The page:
"In Flanders Field, the poppies blow/between the crosses row on row/That Ark our place, and in the sky/The larks still bravely singing, fly/scarce heard amid the guns below./We are the Dead . . . and now we lie in Flanders Fields./Take up our quarrel with the Foe; to you from failing hands we throw/the torch; be yours to hold it high,/If ye break faith with us who die/we shall not sleep, though Poppies grow in Flanders Fields." Maj. John McRae (d.1918), physician, outside an Aid Station., Ypres Belgium 1915. And the response of a sweet souled lady of the time: "Oh you who sleep in Flanders Fields,/Sleep Sweet - to rise anew,/We caught the Torch you threw,/And holding high we kept/The Faith of those who died./We cherish too, the poppy red/That grows on fields where valor led./ . . . Fear Not that ye have died for naught/We've learned the lesson that ye taught/In Flanders' Fields." Miss Moina Belle Michael (1918). Keep Help Keep the Barnes in Merion and Keep The Faith. BarnesFriends.org

The Barnes Foundation in Merion is also a School. It is the living lesson plan of John Dewey, The First President of The American Society of College Professors. Dewey is sometimes referred to as The Father of Modern Higher Education in America. John Dewey taught Philosophy and the design of the Barnes Mansion Garden and Arboretum is discussed in classes which are still held there today as a paradigm for the Eastern Religion Reductive Experience. The Paradigm of The Garden is discussed in relation to Lipchitz' Sculptures which adorn Cret's Building. Then, the lesson is taken inside and used, together with the Lipchitz renditions, in talking about the specially arranged art & metalwork in the Mansion's galleries.

The Garden is terraced in such a way that if it is explored just right, it produces the feeling of a phenomenologial reductive experience. This is produced by the placement of the rose bushes, for instance, spaced on zig-zagging cement paths one point, which confront the visitor to divert from her course on the main garden path to these zig-zagging paths and to diffuse anxiety before proceeding deeper into the gardens . . . and, ultimately, into the trees and the deep, cool forest of the 12 arce campus where you will find a pool of goldfish and a stone tea house. The entire place is enchanted.

Up closer to the mansion, the visitor will find a strange large black iron oval - with a black iron hammer chained to it. Some say it is a fire alarm. I like to think that it was designed to usher in Cret's Honored Souls.

The goal of John Dewey and Dr. Albert Coombs Barnes was to create an objective transcendental setting to provide visitors with an unending series of 'new' and inspirational subjective epistemological experiences with a timeless currency. Sometimes, it is best described in the context of the iconoclast debates within the Catholic Church - the use of icons or forms to assist in spiritual understanding. Like the iconoclats, or perhaps, in a way, unlike them, The Barnes is a unique way of trying to create a language of hermeneutical or philosophical understanding. The Barnes School is also designed to teach viewing skills like design, line, color, spatial & thematic relationships.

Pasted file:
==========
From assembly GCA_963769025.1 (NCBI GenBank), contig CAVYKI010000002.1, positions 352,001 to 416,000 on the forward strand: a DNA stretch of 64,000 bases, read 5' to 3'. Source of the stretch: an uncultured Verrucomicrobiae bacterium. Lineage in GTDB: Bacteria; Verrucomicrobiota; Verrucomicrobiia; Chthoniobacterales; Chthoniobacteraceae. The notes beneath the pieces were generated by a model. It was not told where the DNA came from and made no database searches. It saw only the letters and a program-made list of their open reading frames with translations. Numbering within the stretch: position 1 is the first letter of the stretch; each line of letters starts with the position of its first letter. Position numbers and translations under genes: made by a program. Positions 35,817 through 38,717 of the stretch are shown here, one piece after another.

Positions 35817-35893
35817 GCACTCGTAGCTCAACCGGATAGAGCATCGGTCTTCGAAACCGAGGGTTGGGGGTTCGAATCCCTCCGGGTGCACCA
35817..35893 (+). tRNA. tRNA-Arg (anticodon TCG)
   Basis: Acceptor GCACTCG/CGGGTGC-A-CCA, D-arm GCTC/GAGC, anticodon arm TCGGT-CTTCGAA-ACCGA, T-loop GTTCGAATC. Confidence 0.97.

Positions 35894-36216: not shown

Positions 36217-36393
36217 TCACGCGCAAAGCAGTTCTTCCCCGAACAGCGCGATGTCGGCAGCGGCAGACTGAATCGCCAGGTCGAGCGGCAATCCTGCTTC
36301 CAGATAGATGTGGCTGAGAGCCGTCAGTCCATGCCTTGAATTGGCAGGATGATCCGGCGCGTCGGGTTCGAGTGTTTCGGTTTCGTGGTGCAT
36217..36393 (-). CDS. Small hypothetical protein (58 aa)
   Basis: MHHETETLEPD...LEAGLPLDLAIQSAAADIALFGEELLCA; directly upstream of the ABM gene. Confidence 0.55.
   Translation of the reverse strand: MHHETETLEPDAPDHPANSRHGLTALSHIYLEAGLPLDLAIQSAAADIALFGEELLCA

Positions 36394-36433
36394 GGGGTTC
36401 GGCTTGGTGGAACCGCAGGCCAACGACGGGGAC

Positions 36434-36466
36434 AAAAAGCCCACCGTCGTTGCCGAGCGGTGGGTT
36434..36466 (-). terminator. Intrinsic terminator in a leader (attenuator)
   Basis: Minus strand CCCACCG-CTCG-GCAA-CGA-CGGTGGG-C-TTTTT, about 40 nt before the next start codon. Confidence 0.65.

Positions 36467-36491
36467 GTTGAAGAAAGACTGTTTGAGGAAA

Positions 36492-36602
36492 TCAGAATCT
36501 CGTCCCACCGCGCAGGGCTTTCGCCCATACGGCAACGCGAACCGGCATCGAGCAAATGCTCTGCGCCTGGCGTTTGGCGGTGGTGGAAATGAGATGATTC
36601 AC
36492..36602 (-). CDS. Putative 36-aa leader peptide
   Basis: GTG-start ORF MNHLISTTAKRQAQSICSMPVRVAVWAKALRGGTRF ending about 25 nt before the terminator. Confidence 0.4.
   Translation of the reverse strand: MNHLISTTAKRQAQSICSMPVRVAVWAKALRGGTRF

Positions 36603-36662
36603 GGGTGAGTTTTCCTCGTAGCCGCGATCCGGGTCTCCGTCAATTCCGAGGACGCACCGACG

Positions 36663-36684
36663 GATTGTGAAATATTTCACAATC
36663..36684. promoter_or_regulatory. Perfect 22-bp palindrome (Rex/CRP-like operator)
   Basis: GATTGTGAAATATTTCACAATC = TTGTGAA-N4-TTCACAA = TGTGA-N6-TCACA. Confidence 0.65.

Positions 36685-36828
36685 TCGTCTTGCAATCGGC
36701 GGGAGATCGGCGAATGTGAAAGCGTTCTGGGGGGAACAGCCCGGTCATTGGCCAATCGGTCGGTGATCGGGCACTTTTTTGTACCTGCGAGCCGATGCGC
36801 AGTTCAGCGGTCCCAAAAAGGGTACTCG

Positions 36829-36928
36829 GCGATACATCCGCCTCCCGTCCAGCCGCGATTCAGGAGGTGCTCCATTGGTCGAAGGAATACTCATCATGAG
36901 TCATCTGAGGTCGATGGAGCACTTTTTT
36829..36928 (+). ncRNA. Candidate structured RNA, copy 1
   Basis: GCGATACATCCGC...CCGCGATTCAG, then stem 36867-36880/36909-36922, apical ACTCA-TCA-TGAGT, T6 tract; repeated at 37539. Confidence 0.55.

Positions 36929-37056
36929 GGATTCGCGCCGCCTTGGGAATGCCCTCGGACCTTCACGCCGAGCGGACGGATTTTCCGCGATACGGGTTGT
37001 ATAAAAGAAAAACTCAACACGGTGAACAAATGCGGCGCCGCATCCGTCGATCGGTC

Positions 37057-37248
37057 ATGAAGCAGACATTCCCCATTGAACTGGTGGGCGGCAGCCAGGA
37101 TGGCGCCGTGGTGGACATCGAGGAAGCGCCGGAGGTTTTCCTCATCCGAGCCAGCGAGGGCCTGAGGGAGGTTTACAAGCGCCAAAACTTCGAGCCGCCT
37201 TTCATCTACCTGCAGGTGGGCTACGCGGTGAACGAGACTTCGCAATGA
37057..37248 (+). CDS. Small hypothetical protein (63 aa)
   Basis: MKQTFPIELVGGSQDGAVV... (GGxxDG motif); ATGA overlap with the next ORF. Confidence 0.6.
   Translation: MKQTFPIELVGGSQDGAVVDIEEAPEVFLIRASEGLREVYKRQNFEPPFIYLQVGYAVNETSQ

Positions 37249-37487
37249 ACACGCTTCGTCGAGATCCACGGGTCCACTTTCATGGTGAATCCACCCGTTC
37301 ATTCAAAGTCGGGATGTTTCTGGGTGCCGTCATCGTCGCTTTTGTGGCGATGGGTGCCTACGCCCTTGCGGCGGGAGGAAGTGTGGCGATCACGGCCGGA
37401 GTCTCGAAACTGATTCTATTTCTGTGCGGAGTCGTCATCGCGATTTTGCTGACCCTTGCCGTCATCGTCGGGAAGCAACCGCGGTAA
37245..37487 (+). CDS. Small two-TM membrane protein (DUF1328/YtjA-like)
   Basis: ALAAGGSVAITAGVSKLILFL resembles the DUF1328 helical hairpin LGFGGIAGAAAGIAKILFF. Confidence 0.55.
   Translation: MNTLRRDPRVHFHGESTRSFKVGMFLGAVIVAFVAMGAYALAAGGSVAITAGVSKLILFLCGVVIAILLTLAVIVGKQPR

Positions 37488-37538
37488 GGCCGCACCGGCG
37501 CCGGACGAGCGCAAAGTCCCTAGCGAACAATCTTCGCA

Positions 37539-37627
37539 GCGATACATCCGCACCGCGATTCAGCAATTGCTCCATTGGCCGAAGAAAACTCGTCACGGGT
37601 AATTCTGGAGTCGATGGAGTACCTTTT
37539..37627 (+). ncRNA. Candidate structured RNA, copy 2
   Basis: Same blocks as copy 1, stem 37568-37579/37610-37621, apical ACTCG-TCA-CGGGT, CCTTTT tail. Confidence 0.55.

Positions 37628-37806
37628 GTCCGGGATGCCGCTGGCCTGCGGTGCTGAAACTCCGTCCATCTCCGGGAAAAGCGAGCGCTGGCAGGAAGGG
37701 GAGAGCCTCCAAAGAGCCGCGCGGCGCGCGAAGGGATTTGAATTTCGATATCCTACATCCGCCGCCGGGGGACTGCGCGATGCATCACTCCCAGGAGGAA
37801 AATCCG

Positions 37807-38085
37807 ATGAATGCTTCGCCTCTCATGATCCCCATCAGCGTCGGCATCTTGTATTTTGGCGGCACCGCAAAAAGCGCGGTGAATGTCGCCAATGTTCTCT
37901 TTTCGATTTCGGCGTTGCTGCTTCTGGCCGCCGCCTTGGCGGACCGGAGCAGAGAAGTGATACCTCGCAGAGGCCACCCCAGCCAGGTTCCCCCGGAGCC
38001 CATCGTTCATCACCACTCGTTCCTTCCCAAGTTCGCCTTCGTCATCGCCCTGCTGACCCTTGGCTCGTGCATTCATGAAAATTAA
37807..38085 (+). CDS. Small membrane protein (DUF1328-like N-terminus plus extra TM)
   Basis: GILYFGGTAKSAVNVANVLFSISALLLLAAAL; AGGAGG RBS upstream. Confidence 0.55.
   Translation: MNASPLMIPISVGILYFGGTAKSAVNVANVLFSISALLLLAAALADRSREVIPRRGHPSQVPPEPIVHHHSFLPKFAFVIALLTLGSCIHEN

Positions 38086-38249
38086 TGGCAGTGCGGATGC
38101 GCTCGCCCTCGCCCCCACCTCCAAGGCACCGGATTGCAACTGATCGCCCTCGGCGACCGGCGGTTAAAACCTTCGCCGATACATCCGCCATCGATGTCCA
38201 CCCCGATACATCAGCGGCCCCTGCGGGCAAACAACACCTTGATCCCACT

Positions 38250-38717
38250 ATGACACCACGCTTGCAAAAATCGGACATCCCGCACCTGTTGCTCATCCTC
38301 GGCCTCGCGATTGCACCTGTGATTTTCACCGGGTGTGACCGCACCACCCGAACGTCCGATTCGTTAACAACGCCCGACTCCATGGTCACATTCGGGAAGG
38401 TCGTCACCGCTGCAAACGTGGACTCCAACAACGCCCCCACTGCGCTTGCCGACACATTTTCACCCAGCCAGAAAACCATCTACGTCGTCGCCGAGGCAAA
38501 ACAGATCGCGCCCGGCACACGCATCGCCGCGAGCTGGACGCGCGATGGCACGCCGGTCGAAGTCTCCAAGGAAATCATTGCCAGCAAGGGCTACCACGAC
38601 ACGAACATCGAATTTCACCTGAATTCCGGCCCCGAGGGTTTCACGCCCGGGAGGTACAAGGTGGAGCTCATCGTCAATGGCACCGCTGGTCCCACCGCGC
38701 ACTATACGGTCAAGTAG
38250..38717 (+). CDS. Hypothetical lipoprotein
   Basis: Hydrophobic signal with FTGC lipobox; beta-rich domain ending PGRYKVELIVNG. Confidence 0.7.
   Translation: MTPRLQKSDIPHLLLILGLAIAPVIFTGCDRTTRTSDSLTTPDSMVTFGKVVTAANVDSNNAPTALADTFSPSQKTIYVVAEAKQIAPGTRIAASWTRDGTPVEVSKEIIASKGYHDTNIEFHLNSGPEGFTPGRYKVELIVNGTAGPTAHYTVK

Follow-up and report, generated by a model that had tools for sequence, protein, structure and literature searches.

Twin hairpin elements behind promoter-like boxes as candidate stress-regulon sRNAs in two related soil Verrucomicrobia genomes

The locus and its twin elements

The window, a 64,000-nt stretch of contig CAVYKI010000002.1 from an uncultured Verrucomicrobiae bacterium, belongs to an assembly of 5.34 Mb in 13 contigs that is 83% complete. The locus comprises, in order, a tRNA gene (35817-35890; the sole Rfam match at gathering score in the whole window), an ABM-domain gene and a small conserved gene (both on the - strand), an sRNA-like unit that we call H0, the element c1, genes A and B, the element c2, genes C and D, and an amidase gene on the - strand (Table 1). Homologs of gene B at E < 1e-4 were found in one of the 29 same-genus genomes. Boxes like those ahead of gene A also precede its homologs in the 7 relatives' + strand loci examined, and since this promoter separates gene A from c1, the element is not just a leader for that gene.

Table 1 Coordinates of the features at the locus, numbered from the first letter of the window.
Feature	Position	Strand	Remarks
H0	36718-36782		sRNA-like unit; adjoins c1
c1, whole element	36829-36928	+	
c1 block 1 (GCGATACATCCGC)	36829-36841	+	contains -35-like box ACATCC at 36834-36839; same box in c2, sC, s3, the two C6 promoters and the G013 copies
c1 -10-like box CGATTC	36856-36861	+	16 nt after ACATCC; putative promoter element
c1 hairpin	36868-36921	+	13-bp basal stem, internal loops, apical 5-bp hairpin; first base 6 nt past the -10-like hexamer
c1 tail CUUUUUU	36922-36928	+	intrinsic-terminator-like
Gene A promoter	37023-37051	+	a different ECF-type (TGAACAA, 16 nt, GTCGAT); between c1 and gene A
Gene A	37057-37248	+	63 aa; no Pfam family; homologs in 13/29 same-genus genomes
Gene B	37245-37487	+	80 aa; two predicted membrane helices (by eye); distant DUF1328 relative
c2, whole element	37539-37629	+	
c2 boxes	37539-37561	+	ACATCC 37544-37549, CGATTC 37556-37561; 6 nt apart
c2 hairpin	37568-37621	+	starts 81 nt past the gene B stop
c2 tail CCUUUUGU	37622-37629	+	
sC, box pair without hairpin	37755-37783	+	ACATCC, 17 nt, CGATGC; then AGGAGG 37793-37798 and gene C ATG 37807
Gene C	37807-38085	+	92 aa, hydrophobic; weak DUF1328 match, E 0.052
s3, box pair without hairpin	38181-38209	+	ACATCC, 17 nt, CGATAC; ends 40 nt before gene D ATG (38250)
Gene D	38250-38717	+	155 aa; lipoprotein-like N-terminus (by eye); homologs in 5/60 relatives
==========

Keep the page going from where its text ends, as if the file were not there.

But Barnes was also hot on the trail of Art at, arguably, the most pivotally important time in Art History. He owns Cezanne's The Bathers & The CardPlayers (there are 69 in all, more than are known to be in all of Paris), 181 Renoirs, 16+ Modiglianis, Matisse's Joy of Life (the Best Matisse Collection Outside of Russia), Picasso's The Peasants, VanGogh's Postman, Monet's Self-Portrait, The House Boat . . . and hundreds of others. Even Matisse helped when he did a special painting in the gallery itself to fit the building which supposedly should not be expected to be moved - another disgusting and disgraceful effect of this Proposed Move. The Proposed Move does violence to American Education in America and strikes at the very Heart of American Constitutional Free Exercise and Free Expression and it should not be permitted. Please Help Keep The Barnes In Merion Station.

If Montgomergy County can't manage the traffic, Put an Orientation/Edutainment Barnes Welcome Center at the Parkway ArtJail Site with a monorail thru Fairmount Park to the Preserved Barnes Foundation Museum, Gardens, Arboretum and Art Collection in its original state in Merion Station, PA. This will Keep The Barnes In Its Home In Merion Station.

The two posts above, unfortunately, accurately reflect the mentality of many of the nut cases who have been fighting to keep the Barnes collection hidden from the public. Now while I do agree with Christopher Knight that the tactics - and the legality of the case - of the proponents of the move are questionable at best. But the end result is going to be allowing open of the world's great public art collections to actually be seen by the public.

Now I am of the few - the very few - who manged to get into the Barnes during one of a visits to Philadelphia - but only once - briefly - after several unsuccessful attempts. Alas, unlike Mr. Knight, members of the public have a much harder time gaining access. And while I do not necessarily object to the salon style hanging - many of the paintings I most wanted to see were hung so high as to make proper viewing of them, impossible - and many others I had never seen reproduced before were also hung far too high to see.